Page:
Your Down Payment Guide
There is a common misconception with new buyers when it comes to how much money they need for their down payment. Sometime long ago a myth was started, for whatever reason, that all buyers would need to put down at least 20% to buy a home. This seems like a farfetched amount to reach for many people with other bills to pay. However, there is some good news for potential buyers.
The days of needing a 20% down payment to buy a home are far over. In fact, there is even programs available nowadays that can help buyers come up with the needed funds for their down payment. While these are not always recommended, they are always an option for those who need that little bit of extra help to get their down payment. But the main question this article is going to answer is: How much down is enough for your down payment?
Down Payment Myths
With a record number of new homebuyers last year, many people realized that their homeownership dream could become a reality. And the best part is is that no where near all of these buyers put down 20%. In fact, we have personally helped clients with loan types that require 0% down in order to buy their home. While you will be stuck paying PMI (private mortgage insurance), there is a possibility of owning a home without saving up tens-of-thousands of dollars. Many buyers have still been overwhelmed by the myth of “20% down or do not even try.” One of the most detrimental myths of all-time in the real estate world is that of the 20% down payment. In fact, even Freddie Mac says:
“The most damaging down payment myth—since it stops the homebuying process before it can start—is the belief that 20% is necessary.”
There are very few lenders or loans that actually require the 20% down payment up front. In reality, unless specified by a certain lender or loan type, there are very few buyers that actually put down that amount. So, first-time homebuyers can breathe a sigh of relief after hearing that news. With that being said, it is not always a bad thing to put down that amount, as you will get a favorable rate from your lender in most cases. Not only will you have a more favorable rate, but you will also forgo the need to pay PMI. One of the hidden costs of homeownership is PMI, and many buyers do not even know what private mortgage insurance is. PMI is an extra payment a mortgagee pays to protect the bank in case of default.
Down Payment Statistics
From the Profile Of Home Buyers and Sellers, ran by NAR (National Association of Realtors), the median down payment when purchasing a home has declined. In fact, the median down payment has not been over 20% since 2005. That is nearly two-decades of misconceptions. The percent down by homebuyers in 2021 was around 13. This may surprise many of you, but that is according to immense amounts of data that is collected every year. Some more good news is that first-time homebuyers have to put even less down. The average percent down payment for first-time homebuyers was as low as 7% in recent years. This is largely because of the incentives given to millennials and first-time homebuyers in order to drive demand.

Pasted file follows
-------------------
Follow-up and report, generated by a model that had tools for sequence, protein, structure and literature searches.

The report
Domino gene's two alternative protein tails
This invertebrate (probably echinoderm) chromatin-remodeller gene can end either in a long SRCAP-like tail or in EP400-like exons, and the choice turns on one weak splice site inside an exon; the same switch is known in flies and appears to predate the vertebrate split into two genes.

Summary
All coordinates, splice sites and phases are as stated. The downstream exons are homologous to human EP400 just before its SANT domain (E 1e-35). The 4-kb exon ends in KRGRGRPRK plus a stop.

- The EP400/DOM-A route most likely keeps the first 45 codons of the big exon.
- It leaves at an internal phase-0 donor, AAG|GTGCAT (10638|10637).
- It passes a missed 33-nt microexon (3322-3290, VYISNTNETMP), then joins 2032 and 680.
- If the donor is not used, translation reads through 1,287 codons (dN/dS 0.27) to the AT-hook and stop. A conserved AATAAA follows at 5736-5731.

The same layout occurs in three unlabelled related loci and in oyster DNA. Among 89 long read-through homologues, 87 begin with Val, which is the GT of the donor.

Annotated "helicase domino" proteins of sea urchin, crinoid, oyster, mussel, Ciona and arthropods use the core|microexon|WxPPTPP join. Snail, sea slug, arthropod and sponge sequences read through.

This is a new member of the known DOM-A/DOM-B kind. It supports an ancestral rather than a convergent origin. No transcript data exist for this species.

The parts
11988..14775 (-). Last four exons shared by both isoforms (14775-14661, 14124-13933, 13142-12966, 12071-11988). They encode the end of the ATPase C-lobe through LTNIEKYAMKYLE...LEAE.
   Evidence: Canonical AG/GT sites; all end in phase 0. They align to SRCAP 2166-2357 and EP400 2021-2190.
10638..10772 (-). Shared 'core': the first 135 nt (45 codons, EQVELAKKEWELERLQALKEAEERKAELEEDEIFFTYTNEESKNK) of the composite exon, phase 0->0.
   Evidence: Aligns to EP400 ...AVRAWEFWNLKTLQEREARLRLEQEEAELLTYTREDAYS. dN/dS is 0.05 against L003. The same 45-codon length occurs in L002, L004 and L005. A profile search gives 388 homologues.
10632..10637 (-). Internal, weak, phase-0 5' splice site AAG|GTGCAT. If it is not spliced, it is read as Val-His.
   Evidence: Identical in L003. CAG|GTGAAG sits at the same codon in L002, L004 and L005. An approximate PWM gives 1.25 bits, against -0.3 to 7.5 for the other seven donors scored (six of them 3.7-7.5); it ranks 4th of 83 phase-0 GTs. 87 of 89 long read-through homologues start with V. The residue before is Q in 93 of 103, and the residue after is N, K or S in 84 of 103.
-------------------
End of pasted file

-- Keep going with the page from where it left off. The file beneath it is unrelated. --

Maybe You Should Put Down 20%
Do not forget the benefits of a 20% down payment, however. It is smart to put some of your own in the game when it comes to your home loan. Having some of your own collateral helps show that you are a serious buyer. More often than not, having some of your own money backing the loan will actually allow you to have more favorable loan parameters from your lender. The best thing to take away from this, however, is that your homeownership journey is closer than it seems.
Maybe You Should NOT Put Down 20%
If you are a homebuyer that may be interested in a home and can’t save up thousands for a down payment, you are in luck. There is plenty of information from websites like Investopedia that outline the various loan types and their down payments. But when in doubt, always reach out to your real estate professionals to learn more about different loan types. There are programs available for buyers with down payments as low as 3.5%. Not only are there loans with down payments as low as mortgage rates, but there is also loans available with 0% down. For those using a VA or USDA loan, there is a whopping. . . 0% down required.